….As we enter the first months of 2022, we are asking readers like you to help us keep UCA News free.
For the last 40 years, UCA News has remained the most trusted and independent Catholic news and information service from Asia. Every week, we publish nearly 100 news reports, feature stories, commentaries, podcasts and video broadcasts that are exclusive and in-depth, and developed from a view of the world and the Church through informed Catholic eyes.
Our journalistic standards are as high as any in the quality press; our focus is particularly on a fast-growing part of the world - Asia - where, in some countries the Church is growing faster than pastoral resources can respond to – South Korea, Vietnam and India to name just three.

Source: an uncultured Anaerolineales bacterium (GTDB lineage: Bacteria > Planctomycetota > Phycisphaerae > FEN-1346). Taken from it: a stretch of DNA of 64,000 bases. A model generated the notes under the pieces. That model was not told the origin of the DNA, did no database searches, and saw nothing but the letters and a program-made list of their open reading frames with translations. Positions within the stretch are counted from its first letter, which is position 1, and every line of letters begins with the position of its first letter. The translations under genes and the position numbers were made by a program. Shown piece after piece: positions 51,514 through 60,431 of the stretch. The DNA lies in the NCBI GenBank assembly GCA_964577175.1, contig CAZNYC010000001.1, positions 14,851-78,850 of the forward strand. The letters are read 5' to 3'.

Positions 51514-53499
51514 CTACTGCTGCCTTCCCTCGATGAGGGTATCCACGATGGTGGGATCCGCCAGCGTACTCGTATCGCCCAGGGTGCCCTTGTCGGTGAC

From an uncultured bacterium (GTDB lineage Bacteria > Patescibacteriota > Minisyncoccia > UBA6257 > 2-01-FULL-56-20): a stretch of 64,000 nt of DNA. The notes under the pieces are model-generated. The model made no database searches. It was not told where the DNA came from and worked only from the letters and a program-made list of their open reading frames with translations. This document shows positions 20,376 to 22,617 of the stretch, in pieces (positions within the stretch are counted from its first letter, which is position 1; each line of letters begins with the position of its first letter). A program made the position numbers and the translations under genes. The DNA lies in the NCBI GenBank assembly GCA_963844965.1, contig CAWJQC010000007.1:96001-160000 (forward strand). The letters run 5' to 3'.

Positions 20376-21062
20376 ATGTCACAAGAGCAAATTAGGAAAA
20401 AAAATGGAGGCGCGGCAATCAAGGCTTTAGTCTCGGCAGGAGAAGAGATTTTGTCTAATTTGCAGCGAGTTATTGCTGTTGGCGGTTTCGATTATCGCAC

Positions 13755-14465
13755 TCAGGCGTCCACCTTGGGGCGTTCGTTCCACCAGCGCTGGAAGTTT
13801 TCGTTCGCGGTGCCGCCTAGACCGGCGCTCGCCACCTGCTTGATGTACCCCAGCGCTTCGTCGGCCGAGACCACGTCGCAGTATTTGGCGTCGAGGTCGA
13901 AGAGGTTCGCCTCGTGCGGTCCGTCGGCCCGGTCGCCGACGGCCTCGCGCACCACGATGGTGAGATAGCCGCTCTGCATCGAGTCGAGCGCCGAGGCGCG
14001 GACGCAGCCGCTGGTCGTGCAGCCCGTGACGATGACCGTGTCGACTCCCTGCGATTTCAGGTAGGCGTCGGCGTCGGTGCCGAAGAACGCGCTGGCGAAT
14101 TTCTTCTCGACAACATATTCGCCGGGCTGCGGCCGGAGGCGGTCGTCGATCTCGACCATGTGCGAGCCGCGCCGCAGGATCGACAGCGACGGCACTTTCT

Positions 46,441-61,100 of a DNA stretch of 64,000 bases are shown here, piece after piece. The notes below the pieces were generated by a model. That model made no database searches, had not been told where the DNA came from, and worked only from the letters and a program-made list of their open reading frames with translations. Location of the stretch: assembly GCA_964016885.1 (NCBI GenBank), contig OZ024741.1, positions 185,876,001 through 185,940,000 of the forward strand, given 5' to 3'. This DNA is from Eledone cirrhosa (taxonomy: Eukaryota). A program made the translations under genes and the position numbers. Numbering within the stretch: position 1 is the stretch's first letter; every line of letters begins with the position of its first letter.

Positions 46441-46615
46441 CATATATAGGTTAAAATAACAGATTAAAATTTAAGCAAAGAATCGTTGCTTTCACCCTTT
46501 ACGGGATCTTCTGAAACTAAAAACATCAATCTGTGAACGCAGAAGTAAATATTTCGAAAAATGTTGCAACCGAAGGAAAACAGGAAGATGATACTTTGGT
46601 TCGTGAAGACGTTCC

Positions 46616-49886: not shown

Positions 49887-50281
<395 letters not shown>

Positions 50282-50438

And UCA News has the advantage of having in its ranks local reporters who cover 23 countries in south, southeast, and east Asia. We report the stories of local people and their experiences in a way that Western news outlets simply don’t have the resources to reach. And we report on the emerging life of new Churches in old lands where being a Catholic can at times be very dangerous.
With dwindling support from funding partners in Europe and the USA, we need to call on the support of those who benefit from our work.